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Kids as young as 12 are going to Universities in Canada and US

Unlike other students, these pre-teen students are entering universities in USA, Canada at a young age

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Jeremy Shuler, 12, a freshman at Cornell University, walks to meet an adviser on campus in Ithaca, New York, Aug. 26, 2016. He’s the youngest student on record to attend the Ivy League school. Source: VOA
  • Growing number of pre-teen students are taking up university studies in US, Canada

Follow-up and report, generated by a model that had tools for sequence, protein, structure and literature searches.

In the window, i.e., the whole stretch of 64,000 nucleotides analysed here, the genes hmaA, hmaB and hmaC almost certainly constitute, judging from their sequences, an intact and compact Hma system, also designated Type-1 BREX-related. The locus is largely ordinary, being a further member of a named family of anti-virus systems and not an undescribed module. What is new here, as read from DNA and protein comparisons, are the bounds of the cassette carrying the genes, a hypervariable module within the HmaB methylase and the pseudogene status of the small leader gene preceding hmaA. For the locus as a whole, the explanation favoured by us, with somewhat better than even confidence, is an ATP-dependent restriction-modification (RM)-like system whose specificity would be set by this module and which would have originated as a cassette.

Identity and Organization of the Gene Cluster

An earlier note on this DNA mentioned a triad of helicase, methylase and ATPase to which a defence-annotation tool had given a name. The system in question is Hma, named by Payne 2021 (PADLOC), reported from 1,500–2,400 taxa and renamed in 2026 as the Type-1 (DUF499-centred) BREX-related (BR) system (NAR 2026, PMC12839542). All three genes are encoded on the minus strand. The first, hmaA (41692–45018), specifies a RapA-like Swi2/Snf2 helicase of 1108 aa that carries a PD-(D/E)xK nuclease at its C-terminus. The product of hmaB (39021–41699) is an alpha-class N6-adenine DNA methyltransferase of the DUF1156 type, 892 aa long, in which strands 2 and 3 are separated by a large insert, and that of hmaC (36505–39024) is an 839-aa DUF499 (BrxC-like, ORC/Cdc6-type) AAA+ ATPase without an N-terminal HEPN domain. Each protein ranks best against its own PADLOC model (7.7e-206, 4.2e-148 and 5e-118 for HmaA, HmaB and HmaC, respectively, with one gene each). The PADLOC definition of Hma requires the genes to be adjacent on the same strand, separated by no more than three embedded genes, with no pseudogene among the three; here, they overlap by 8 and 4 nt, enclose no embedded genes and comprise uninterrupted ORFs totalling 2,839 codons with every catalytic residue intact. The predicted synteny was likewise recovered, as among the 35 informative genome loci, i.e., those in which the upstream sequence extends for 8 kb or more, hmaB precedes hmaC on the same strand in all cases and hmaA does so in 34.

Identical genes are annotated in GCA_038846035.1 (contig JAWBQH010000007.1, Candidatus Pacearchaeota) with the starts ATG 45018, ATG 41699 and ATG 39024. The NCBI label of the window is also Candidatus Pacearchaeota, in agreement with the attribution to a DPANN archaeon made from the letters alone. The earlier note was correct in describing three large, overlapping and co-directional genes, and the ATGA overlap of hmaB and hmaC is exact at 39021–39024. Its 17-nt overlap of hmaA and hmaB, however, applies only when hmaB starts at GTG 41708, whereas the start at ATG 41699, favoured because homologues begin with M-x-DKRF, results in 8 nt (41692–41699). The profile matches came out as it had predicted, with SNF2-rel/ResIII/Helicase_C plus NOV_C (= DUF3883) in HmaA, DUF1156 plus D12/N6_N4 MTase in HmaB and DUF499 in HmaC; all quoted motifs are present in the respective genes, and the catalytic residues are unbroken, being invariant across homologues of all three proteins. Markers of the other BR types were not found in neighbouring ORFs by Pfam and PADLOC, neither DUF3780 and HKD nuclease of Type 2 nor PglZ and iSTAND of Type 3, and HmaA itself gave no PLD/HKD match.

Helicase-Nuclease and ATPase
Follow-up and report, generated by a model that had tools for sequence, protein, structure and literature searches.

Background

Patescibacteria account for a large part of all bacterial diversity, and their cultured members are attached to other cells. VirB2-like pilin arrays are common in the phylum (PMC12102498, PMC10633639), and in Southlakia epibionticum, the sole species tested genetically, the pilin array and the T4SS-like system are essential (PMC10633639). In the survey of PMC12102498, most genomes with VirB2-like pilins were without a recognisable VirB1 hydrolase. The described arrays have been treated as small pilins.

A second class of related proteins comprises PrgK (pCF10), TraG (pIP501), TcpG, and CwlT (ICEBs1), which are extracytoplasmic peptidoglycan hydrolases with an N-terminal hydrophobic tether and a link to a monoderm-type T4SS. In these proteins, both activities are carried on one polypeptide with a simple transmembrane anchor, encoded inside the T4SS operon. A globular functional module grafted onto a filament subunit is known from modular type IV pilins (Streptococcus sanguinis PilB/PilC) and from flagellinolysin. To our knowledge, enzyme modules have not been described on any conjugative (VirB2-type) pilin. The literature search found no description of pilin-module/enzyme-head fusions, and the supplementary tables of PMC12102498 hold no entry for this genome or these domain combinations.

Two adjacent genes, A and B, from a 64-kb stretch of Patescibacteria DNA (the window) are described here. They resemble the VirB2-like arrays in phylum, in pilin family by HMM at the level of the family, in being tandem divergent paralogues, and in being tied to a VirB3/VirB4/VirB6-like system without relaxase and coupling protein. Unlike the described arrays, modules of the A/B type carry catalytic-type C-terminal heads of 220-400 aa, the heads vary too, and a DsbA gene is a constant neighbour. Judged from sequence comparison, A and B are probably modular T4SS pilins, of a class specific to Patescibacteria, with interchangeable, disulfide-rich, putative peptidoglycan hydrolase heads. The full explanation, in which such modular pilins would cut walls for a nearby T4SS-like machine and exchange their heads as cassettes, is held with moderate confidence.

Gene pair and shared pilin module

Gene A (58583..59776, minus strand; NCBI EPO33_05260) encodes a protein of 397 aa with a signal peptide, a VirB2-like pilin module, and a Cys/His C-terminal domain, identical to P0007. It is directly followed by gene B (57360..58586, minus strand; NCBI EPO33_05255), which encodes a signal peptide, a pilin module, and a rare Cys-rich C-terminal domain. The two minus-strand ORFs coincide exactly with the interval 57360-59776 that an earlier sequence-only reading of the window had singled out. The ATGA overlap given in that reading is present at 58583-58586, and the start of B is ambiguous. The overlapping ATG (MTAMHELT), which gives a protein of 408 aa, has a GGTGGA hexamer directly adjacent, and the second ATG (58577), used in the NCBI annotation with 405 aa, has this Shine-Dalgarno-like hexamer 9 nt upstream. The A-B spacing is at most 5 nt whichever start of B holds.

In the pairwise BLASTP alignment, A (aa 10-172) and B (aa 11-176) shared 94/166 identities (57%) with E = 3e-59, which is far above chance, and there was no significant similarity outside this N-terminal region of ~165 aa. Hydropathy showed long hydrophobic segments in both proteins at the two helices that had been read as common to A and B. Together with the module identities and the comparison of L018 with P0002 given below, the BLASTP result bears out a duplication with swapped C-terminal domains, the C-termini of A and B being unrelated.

• Young students advance to top universities by learning languages, subjects in early age
  • Michael Kearney, born in 1984, holds the title of being youngest to graduate at eight years of age

Sept 07, 2016: Like other 12-year-olds, Cendikiawa n (Diki) Suryaatmadja is getting ready for a new school year.

But unlike other 12-year-olds, Diki will study physics and take additional classes in math, chemistry, and economics at the University of Waterloo in Ontario, Canada.

He is one of a growing number of youngsters enrolling in universities.

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“I’m very excited to meet the new students and make new friends,” said the pre-teen in an interview with CBC News.

https://twitter.com/ScotForLiberty/status/773127539967614976